That is one major difference between Islam and Christianity. The Quran today is the same as the Quran that was revealed 1433 years ago. In fact, if you got an opportunity to browse through an Arabic Quran, the dots and lines if they showed, even they cannot be moved as it changes the meaning and each Quran has to be certified.
    I will share a story about a calligrapher in the old days. He was a businessman and decided to create beautifully styled copies of the Torah, Bible and the Quran and try selling it to the local respective institutions. The Rabbi was shown the Torah, he loved it and bought it, then he took it to a Preist who was similarly impressed and bought copies. Then he went to the Imam of a Mosque and showed him the finely printed copy of the Quran, the Imam took and started reading random passages and told the calligrapher that he cannot buy it as there were many errors in it !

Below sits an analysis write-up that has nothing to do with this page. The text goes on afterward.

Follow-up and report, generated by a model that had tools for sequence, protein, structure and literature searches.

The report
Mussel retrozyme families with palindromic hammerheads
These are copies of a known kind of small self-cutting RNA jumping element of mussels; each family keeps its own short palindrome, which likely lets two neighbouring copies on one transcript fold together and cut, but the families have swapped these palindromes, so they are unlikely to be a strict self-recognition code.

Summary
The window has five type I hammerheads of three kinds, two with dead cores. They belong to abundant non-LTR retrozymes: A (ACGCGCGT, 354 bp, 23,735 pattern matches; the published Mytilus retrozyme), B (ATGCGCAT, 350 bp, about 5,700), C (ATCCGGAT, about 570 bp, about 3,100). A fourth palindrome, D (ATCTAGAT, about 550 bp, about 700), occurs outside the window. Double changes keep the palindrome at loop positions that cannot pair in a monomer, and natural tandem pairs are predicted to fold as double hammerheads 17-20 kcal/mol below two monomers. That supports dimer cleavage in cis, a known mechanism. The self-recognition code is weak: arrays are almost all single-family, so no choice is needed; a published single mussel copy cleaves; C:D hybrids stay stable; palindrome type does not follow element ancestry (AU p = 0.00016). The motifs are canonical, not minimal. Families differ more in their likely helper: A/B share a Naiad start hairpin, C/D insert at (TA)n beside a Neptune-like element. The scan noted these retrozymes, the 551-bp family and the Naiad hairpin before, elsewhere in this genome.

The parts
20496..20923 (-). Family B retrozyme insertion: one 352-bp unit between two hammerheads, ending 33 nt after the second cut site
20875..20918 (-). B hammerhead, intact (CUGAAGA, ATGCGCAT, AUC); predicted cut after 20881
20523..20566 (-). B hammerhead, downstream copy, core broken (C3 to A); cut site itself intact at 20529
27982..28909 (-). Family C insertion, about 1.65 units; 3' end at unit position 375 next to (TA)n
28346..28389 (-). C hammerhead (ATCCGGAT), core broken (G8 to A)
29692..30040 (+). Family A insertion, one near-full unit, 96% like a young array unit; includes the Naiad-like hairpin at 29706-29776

This is my point that there are millions of individuals including Imams who have this Quran memorised and there can be no deviation. In fact, Allah has said the He is personally responsible in keeping this scripture from being changed in any manner – the Huffaz, one who memorize are on testimony to this.
    Again Wes, good having you with us for Ramadan, you are a good Christian brother.

  14. Robyn D.